The European Union’s bid to clinch a deal next week on overhauling its financial market law may fail amid clashes over rules for commodity derivatives and other issues, a lawmaker said.
Members of the Parliament and officials from Lithuania, which holds the rotating presidency of the EU, didn’t resolve any of the main outstanding points in the draft law during talks today in Strasbourg, France, Markus Ferber, the Parliament’s chief negotiator on the law, said in a phone interview. Sticking points included how to handle overseas-based firms and access to clearinghouses’ trade-feed data, he said.
“We have not even been able to solve minor problems,” Ferber said, adding that he’s “a little pessimistic” that a deal can be reached in the next round of negotiations, which are scheduled for Dec. 18.
The updated legislation is the centerpiece of Europe’s efforts to implement agreements reached by the Group of 20 nations in the wake of the financial crisis that toppled Lehman Brothers Holdings Inc. Michel Barnier, the EU’s financial services chief, has said the updated legislation is needed to rein in “speculative trading activities” and to “improve the structure of the market.”
The EU is racing to secure a deal by the end of the year on the update of legislation from 2004 known as the Markets in Financial Instruments, or Mifid. The plans require approval by the parliament and by national governments before they can take effect.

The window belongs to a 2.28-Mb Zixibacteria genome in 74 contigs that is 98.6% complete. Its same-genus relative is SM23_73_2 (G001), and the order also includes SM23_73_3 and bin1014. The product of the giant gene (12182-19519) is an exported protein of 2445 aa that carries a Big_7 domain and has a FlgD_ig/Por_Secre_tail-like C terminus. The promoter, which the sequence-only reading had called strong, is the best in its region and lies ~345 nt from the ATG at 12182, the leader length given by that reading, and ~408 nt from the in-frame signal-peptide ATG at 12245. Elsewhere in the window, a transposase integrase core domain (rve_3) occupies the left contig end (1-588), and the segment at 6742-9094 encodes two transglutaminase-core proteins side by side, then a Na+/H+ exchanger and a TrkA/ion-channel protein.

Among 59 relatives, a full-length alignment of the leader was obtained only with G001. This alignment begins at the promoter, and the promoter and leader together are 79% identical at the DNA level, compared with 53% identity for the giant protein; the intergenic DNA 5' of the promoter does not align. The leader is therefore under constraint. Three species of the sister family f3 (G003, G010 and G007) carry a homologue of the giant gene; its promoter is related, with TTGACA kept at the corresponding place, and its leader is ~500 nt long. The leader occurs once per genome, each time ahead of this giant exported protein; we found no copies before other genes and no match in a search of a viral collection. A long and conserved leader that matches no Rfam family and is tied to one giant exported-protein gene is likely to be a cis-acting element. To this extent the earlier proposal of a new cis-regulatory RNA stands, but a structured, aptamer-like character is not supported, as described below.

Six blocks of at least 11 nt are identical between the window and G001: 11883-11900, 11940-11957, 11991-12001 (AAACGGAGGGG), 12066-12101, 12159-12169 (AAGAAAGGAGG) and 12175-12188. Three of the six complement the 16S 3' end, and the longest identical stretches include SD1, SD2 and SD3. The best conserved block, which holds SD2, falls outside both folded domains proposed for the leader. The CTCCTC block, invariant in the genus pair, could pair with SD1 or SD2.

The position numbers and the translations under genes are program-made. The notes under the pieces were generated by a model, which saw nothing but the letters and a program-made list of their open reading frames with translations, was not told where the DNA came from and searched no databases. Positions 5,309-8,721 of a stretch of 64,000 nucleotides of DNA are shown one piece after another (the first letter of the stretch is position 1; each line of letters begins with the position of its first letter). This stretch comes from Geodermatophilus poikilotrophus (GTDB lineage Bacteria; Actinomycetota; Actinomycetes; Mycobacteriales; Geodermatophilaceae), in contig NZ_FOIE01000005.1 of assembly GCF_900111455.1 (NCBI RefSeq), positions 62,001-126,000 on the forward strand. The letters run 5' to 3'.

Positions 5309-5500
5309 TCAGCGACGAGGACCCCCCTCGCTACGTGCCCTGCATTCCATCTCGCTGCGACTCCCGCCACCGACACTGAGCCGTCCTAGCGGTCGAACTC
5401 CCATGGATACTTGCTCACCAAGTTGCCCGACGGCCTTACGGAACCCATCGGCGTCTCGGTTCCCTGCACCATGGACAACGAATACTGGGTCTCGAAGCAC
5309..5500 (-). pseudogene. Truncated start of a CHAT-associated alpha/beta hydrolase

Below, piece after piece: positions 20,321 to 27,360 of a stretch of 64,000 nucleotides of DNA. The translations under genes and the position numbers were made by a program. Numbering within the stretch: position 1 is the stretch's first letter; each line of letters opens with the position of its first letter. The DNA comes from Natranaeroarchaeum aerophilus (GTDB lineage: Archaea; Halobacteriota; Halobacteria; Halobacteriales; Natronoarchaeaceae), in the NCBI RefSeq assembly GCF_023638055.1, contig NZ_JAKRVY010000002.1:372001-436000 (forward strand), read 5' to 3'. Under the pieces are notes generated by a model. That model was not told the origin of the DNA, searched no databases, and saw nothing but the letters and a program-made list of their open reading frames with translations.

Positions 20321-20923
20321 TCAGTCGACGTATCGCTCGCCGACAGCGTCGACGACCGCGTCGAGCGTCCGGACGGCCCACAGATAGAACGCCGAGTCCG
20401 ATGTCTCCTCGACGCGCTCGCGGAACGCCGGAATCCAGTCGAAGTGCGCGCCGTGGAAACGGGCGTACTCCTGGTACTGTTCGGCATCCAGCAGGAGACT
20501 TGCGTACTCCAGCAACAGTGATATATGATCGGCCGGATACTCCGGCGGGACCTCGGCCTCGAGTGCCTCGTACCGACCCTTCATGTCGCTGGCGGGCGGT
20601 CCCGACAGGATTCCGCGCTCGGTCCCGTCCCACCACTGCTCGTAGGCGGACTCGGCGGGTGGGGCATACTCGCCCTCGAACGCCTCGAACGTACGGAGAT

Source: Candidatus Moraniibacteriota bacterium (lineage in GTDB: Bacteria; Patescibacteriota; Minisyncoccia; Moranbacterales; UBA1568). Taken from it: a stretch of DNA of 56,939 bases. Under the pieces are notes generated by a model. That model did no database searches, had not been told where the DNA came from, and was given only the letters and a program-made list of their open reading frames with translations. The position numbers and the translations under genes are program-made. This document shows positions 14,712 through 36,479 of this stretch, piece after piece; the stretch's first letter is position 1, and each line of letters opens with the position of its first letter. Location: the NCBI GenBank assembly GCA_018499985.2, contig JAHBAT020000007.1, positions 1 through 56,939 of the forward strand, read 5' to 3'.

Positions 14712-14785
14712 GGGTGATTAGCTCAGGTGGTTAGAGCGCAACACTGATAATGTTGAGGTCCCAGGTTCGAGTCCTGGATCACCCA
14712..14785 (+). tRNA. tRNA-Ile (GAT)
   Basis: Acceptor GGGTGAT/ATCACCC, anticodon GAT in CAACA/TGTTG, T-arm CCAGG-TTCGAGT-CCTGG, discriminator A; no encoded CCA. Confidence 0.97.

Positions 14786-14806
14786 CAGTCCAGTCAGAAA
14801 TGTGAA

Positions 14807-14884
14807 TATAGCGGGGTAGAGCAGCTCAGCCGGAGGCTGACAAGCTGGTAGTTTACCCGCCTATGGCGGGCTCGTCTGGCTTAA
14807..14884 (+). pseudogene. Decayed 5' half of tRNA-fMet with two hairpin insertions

On commodity derivatives, nations and the parliament are at loggerheads over how far the European Securities and Markets Authority, an EU agency in Paris, should be entrusted with setting position limits for traders, Ferber said.
While both sides agree on the principle of having such limits, governments are fighting against handing responsibility for setting them to ESMA, preferring the task to be handled at national level.
“Our main concern is that you could end up with different position limits in different member states for the same product,” said Ferber, a German member of the Parliament’s center-right group. A predominantly national approach could “create new loopholes.”
Lithuania “fully understands the significance of the dossier and will do its best to have the agreement on Dec. 18,” Vykintas Pugaciauskas, a spokesman for the EU-presidency holder, said in an e-mail. “There are good signs it is possible. But likewise, there are some signs that it may take a longer time to find a compromise among various positions.”
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